• Sometimes my CF care schedule is no schedule -- and that is completely fine. What I mean by this is that sometimes it is a day-by-day affair. I knew the treatments that needed to be done every day, so -- in between classes and work -- I would get a treatment done. Then, when I got back home, I would do more. I would do my treatments on my regular schedule (i.e., morning, after class, and before bed) when I was less busy. 
  • Make a priority list. I like to make this in three parts. Part one is the items that are non-negotiable (i.e., class, work, treatments.) Part two is items I would like to get done, but are more flexible than part one (e.g., homework assignments or exercising.) Part three is for the fun items; if lists one and two for the day are complete, list three comes in (e.g. see friends, go fishing, watch the latest episode of “The Bachelor.”) 
  • Talk with your care team. For me, it is sometimes challenging to still be in pediatric care while transitioning into a more adult life. It is essential to talk about your priorities with your care team. Don't be afraid to speak up, and let your care team know what you need from them to make the transition to college a little smoother. 

By midway through my freshman year, I had figured this whole college thing out … or so I thought. By the middle of my sophomore year, I became very ill; this was due to a bacterial infection in my lungs. I had this bacterium since high school, but I was only on antibiotics for maintenance since I was feeling fantastic. I became ill at a rapid pace and spent most of my days in bed. Due to COVID-19, my classes were all held online; however, I still had assignments to turn in and my daily obligations. 

In March 2021, I had a PICC line placed for IV antibiotics. I now had to add a daily infusion into my schedule. I stopped working for the first few weeks so that I could focus on school. I did not want this to stop me; I knew I could do it. What I expected to be a three-week PICC line treatment has become seven months and counting. Once again, I was faced with a fear that I would need to take a gap year or temporarily drop out.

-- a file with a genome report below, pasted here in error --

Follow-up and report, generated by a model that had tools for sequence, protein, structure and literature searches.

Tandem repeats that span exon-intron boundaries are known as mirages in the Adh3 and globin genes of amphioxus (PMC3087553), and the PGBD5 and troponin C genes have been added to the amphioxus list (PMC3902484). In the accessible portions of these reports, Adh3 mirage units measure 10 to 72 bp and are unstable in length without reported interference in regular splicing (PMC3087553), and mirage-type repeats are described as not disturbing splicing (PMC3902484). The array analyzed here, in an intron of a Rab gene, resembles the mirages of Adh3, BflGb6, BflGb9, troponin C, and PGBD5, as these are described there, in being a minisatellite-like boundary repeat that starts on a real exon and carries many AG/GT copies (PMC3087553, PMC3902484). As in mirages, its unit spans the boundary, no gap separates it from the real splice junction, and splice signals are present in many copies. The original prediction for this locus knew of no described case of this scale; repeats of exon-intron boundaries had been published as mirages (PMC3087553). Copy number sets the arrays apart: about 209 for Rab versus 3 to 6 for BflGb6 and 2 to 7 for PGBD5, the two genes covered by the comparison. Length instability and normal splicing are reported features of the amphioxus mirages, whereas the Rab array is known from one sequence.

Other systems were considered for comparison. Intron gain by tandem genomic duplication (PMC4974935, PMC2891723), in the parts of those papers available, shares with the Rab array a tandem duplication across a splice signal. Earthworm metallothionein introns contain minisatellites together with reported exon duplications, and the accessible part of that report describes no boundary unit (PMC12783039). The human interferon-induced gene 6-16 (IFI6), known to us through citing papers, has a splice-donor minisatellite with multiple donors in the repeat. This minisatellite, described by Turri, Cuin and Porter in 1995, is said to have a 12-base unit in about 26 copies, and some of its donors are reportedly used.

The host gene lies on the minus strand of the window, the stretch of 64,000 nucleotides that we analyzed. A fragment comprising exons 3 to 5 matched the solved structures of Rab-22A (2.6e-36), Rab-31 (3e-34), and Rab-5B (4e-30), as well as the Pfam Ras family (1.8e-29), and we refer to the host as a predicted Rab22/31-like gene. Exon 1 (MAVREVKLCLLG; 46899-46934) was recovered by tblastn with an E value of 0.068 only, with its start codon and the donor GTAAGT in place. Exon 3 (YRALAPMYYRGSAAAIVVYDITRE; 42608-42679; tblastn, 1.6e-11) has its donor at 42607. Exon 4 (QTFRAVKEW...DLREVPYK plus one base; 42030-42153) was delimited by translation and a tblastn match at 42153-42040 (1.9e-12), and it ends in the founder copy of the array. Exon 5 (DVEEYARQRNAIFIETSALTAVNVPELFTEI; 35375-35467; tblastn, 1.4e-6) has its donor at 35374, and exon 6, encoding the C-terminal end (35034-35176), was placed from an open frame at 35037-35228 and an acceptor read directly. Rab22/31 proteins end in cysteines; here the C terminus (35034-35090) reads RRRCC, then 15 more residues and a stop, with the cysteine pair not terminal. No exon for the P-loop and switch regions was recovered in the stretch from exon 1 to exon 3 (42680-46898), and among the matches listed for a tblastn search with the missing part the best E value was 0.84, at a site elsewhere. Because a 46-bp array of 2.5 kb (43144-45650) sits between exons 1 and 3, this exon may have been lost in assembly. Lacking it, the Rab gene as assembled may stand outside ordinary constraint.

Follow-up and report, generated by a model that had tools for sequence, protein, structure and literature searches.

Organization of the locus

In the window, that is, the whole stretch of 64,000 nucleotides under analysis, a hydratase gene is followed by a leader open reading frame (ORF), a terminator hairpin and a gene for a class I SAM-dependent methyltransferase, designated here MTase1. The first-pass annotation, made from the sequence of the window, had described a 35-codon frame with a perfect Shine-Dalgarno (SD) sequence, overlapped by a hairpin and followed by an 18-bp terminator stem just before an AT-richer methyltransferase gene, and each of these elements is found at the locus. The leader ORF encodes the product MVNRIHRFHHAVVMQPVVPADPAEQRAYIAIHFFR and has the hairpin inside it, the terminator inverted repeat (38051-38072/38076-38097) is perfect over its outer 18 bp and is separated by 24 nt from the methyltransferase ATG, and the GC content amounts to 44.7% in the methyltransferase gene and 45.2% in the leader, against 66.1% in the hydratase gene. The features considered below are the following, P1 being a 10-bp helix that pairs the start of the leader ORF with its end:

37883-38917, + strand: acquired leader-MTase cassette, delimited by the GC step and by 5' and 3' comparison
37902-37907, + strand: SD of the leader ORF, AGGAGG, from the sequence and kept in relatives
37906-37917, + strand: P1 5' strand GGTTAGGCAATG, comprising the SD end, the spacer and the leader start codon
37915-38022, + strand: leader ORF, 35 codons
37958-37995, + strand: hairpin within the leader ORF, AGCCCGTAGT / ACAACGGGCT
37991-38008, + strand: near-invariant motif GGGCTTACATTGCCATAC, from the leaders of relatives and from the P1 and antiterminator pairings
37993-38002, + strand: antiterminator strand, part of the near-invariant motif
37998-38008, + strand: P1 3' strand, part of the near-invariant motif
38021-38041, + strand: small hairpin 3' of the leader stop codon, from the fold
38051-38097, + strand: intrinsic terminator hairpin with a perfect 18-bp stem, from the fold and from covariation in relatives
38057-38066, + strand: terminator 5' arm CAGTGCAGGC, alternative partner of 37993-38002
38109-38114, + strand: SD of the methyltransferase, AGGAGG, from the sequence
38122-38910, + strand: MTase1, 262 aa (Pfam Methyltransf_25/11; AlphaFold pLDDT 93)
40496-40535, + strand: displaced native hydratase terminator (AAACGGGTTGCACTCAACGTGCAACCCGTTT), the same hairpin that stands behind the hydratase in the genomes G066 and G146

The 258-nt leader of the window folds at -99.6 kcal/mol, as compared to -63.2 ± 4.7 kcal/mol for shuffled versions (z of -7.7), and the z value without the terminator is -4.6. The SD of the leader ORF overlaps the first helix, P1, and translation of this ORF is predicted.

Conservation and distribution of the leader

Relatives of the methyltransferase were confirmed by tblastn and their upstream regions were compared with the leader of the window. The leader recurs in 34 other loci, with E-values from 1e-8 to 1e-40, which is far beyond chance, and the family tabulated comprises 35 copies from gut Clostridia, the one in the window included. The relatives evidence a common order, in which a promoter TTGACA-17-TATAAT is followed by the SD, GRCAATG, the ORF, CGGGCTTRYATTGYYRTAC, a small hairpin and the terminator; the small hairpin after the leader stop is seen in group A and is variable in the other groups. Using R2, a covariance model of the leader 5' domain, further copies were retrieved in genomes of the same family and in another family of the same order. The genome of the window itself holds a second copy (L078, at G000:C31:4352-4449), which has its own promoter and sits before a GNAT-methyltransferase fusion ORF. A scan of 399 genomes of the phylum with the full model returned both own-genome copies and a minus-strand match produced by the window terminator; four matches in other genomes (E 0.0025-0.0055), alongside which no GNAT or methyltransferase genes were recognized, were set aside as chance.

After a long, hard cry and a lot of questioning, I picked myself up and told myself I could do this. I was determined. I wanted this so badly for myself. CF was a part of my life, not my entire life.

With that, I enrolled in fall classes for my junior year and went back to work. Thus far, this is the most challenging year in school I have ever had. There was a big speed bump in the road; I hit it hard and popped my tire. A lot of the points I mentioned come into play here again and I’ve since learned a few more.

  • Talk with your employer. I have been so lucky in my working career that my bosses have been willing to do whatever they can to ensure I can work during this time, or take time off if needed. Similar to professors, do not be afraid to ask for what you need.
  • Ask friends and family for help. Without my friends, family, my boyfriend, or my dog Brantley, I would not have been able to continue to go to school and work while managing CF. I know asking for help isn’t easy, but people are there for you. When I lost faith in my ability, my support system reminded me I was more than capable.
  • Take a breath and take a break. When life seems to go, go, go, it can be easy to get caught up in it. Take a step back, be proud of what you are doing because it is remarkable; enjoy the journey.